"A born writer, especially a born story-teller. Dr. Sutherland, who is distinguished in medicine, is an amateur in the sense that he only writes when he has nothing better to do. But when he does, it could hardly be done better." G.K. Chesterton.
This article continues Dr Sutherland’s reminiscences of his Glasgow childhood.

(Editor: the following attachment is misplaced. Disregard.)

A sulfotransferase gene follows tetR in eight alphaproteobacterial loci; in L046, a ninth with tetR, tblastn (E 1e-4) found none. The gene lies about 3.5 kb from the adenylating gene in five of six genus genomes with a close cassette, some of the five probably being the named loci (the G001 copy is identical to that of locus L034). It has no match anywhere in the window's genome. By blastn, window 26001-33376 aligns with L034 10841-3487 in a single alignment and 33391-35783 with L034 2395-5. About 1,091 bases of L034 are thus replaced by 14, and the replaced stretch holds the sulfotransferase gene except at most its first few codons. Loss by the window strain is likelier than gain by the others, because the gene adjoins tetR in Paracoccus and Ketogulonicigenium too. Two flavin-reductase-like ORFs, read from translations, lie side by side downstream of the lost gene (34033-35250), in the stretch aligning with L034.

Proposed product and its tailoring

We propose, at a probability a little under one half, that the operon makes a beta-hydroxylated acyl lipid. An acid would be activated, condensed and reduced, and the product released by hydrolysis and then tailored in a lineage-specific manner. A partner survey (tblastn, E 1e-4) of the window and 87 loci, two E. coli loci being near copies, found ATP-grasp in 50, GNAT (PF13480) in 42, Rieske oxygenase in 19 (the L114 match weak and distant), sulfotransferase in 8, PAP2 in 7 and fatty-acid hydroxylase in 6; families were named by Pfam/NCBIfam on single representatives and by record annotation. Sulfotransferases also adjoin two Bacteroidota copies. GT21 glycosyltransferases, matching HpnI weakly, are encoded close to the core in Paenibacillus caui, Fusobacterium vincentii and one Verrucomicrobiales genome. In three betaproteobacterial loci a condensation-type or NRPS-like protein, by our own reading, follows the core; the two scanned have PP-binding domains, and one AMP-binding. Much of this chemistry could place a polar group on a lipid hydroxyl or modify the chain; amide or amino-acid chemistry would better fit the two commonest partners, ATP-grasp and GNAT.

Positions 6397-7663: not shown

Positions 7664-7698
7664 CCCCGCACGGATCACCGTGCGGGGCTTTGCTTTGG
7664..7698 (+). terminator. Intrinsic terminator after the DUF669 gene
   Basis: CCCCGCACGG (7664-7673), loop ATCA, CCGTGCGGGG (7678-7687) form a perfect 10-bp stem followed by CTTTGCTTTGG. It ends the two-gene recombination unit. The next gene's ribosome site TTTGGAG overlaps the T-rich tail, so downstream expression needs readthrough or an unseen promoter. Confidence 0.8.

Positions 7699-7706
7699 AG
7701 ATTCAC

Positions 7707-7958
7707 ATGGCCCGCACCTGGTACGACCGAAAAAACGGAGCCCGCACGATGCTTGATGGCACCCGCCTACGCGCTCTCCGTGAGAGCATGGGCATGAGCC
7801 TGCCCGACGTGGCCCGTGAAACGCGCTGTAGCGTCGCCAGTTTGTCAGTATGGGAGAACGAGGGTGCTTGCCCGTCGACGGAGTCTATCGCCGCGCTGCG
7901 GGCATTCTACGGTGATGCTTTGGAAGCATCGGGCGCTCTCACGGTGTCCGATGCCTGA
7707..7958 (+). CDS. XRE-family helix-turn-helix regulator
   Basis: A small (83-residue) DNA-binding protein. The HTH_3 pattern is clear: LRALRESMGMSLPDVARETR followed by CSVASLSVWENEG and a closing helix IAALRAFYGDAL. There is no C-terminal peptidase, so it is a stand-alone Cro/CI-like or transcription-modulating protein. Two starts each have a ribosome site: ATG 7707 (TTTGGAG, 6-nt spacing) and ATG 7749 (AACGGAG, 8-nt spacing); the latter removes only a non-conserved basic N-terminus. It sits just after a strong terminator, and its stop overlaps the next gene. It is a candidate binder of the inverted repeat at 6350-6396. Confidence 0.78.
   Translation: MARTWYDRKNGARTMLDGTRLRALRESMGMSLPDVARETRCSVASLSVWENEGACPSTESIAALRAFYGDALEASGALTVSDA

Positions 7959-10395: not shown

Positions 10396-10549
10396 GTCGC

One man owned a lot of pubs, and he was a very kind man because he gave silver watches to little boys whom he met walking with their fathers on Sunday afternoons. First of all he would speak to the boy’s father. “I’ll bet you five pounds to a shilling I’ll not get that licence.” The father might shake his head, and then the kind man would say: “Has this fine laddie got a watch? No! That’s too bad. Here, laddie, you have mine.” If the boy had a watch the kind man exchanged watches, and his was always the better. Alas, when walking with my father, we never met the kind man, and when I asked if I would get a watch should we meet him, the answer was: “No, he only approaches licensing justices.” At the time I did not know the meaning of this, but many years later, when I saw the kind man’s name in the Honours List, I remembered and understood.From A Child’s Guide to Glasgow (1934)